In case you haven’t seen it posted in one of a variety of places, here is the late Alexis Weissenberg playing Petrouchka in a remarkable film by an assistant to Bergman, then speaking about the piece and the film.
I only heard Weissenberg once, at Tanglewood. He played a pre-concert recital one unseasonably chilly day, and while with the passage of 28 years I have forgotten his playing, (was it a Haydn sonata?) I remember him quite reasonably complaining from the stage about how cold it was.
– February 10 at Symphony Space in NYC, Sequitur plays pieces by Eric Moe and Randall Woolf based on texts by David Foster Wallace.
– February 12 at the Smithsonian American Art Museum in DC, the 21st Century Consort plays Stravinsky, Paul Schoenfield, Jennifer Furr, Bruce Macombie, and Jacob Druckman. A brief interview with Christopher Kendall, who directs the Consort, is found here.
A few things I have been enjoying:
-Richard Thompson’s Cul de Sac is a comic strip that gets compared with Calvin and Hobbes, partly because it centers on children, but partly because it is freshly funny, with drawings to match. Read the Cul de Sac blog here, and read Thompson’s poetic collage of George W. quotes here.
-Annie Dillard made a found poem of a different kind when she made a collage of actual deathbed utterances. The poem is included in her book Mornings Like These, and I set it to music in my song cycle Holy the Firm (scroll down). (While the poem I set, Deathbeds, is (pardon the expression) deadly serious, Mornings Like These includes some of the funniest texts you will ever read, poor innocent paragraphs that turn out to be hysterical when taken out of context and presented as poetry.) I was interested to read a few more final words, these from famous writers, in a list that appears on the Guardian website.
– Cathy Berberian’s recordings of Stravinsky songs – Three Little Songs, Pribaoutki, Cat’s Cradle Songs – just ooze with character and charisma. Find them as part of this set.
– Barbara at Barefoot Toward the Light has posted an excerpt from a book by James Martin S.J. that is worth pondering.
I’ve been listening off and on for some months now (and it will occupy me for many more months) to the 22 CD set of Stravinsky conducts Stravinsky that Sony released a while ago – the one that Alex Ross wrote about here, and Pliable wrote about here. As of this writing it is available on Amazon here.
The set is obviously an important document of a great composer interpreting his own work. (But read today’s Allan Kozinn piece in the Times regarding the problem of taking the composer’s intention too seriously. I liked the article, though I was a bit confused by his references to Schoenberg as “contemporary music”.) While, as a native Clevelander, I will always revere the Cleveland Orchestra/Boulez Sacre from 1969, holding it above all other versions (I haven’t heard their remake), there is a compellingly crazed intensity to Stravinsky’s own recording. Symphony of Psalms is another highlight, with the stasis of the last movement working its magic. But I have to say that a lot of these recordings just aren’t very good, with ensemble that fails to lock in (this shows up most in the note-filled allegros like the fast movements of the Concerto for Piano and Winds) and appalling intonation – try Agon, for example, where the players are having an agon of their own. The comment attributed to Schoenberg – “my music isn’t modern, it’s just badly played” – applies here.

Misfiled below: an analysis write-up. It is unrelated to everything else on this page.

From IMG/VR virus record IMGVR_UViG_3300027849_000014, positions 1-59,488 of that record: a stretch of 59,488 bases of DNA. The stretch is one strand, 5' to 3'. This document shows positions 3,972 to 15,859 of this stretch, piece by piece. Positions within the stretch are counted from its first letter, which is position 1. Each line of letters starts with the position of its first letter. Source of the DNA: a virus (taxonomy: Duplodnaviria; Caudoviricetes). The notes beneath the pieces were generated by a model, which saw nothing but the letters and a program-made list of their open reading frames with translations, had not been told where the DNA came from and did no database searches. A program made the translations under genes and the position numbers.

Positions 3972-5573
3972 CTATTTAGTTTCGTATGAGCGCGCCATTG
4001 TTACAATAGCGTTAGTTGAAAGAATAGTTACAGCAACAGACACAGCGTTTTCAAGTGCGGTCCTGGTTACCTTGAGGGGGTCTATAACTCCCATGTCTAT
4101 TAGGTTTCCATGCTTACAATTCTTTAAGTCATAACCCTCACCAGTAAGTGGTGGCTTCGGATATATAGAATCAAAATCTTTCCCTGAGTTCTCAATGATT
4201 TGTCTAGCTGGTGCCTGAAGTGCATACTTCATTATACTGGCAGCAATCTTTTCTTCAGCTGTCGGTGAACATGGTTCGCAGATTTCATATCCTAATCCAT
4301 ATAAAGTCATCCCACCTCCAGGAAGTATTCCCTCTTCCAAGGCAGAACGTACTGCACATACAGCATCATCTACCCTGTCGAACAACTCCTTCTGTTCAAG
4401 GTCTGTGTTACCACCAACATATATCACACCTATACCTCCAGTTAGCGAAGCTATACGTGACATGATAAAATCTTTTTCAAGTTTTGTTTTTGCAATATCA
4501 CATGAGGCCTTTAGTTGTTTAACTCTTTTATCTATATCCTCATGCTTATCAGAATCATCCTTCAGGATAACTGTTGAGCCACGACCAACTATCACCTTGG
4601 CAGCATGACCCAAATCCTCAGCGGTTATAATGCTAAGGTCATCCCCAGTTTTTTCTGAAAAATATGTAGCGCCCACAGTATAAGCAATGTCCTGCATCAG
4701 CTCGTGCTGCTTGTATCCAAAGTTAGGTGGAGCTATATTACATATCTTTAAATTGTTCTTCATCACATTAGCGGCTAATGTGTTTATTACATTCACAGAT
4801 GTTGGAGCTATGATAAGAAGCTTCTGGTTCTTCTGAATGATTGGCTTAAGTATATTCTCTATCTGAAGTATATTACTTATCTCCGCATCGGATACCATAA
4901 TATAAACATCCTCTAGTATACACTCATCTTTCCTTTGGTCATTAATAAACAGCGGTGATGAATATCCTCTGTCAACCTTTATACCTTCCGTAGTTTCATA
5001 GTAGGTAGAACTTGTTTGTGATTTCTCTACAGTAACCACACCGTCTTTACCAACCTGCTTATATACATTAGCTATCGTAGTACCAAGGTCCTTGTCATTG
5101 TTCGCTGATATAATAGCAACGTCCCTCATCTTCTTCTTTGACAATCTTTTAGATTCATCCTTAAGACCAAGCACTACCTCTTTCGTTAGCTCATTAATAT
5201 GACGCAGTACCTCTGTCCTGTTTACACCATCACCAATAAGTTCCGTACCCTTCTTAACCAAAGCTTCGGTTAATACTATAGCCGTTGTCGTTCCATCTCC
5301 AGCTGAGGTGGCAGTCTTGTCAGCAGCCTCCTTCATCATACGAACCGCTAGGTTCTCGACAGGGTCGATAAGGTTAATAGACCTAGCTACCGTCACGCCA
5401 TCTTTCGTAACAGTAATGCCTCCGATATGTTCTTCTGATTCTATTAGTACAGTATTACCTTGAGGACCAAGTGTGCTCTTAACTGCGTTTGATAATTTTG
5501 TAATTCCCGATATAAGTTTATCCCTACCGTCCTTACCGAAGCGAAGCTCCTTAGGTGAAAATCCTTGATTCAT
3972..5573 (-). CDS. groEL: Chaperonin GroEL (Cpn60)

There are some recorded bits of rehearsal included in the set, and it is disturbing to hear, in one of these, someone in the control room telling Stravinsky that a balance problem can be fixed later on. You never know with any recording just what is control room magic and what isn’t, but in a situation where the recording’s value is partly as a document of the composer’s interpretation, being reminded of the other ears that are at work is troubling. (For a recording of Stravinsky in rehearsal that is not included in this set, go here to listen to him trying out a revision of the Symphonies of Wind Instruments.)
Some intriguing details in the list of performers in this set: the all-star infield of Barber, Sessions, Copland, and Foss playing the four pianos in Les Noces (recalling such collaborations as the Sessions/Copland/Thomson team of narrators for l’Histoire with Craft conducting Speculum Musicae – a performance that took place at the Whitney Museum early in my time in NYC (I also remember that concert because it was the last time I saw the great pianist Robert Miller before his untimely death), or the Babbitt/Harbison/Carter version of the same piece at Tanglewood a few years ago); Bethany Beardslee in Threni – a rather early document of her work, I would guess; a number of songs done by Cathy Berberian; Joseph Szigeti and Stravinsky playing the Duo Concertant, alongside other Stravinsky piano performances by both Igor and son Soulima; Laurindo Almeida (yes, that Laurindo Almeida, from the L.A. Four) playing guitar in the Four Songs; and surely two of the more unexpected names: Sebastian Cabot and Elsa Lanchester as Noah and his wife in The Flood.
I’m glad I picked up this set, but I will be looking elsewhere for more satisfying performances.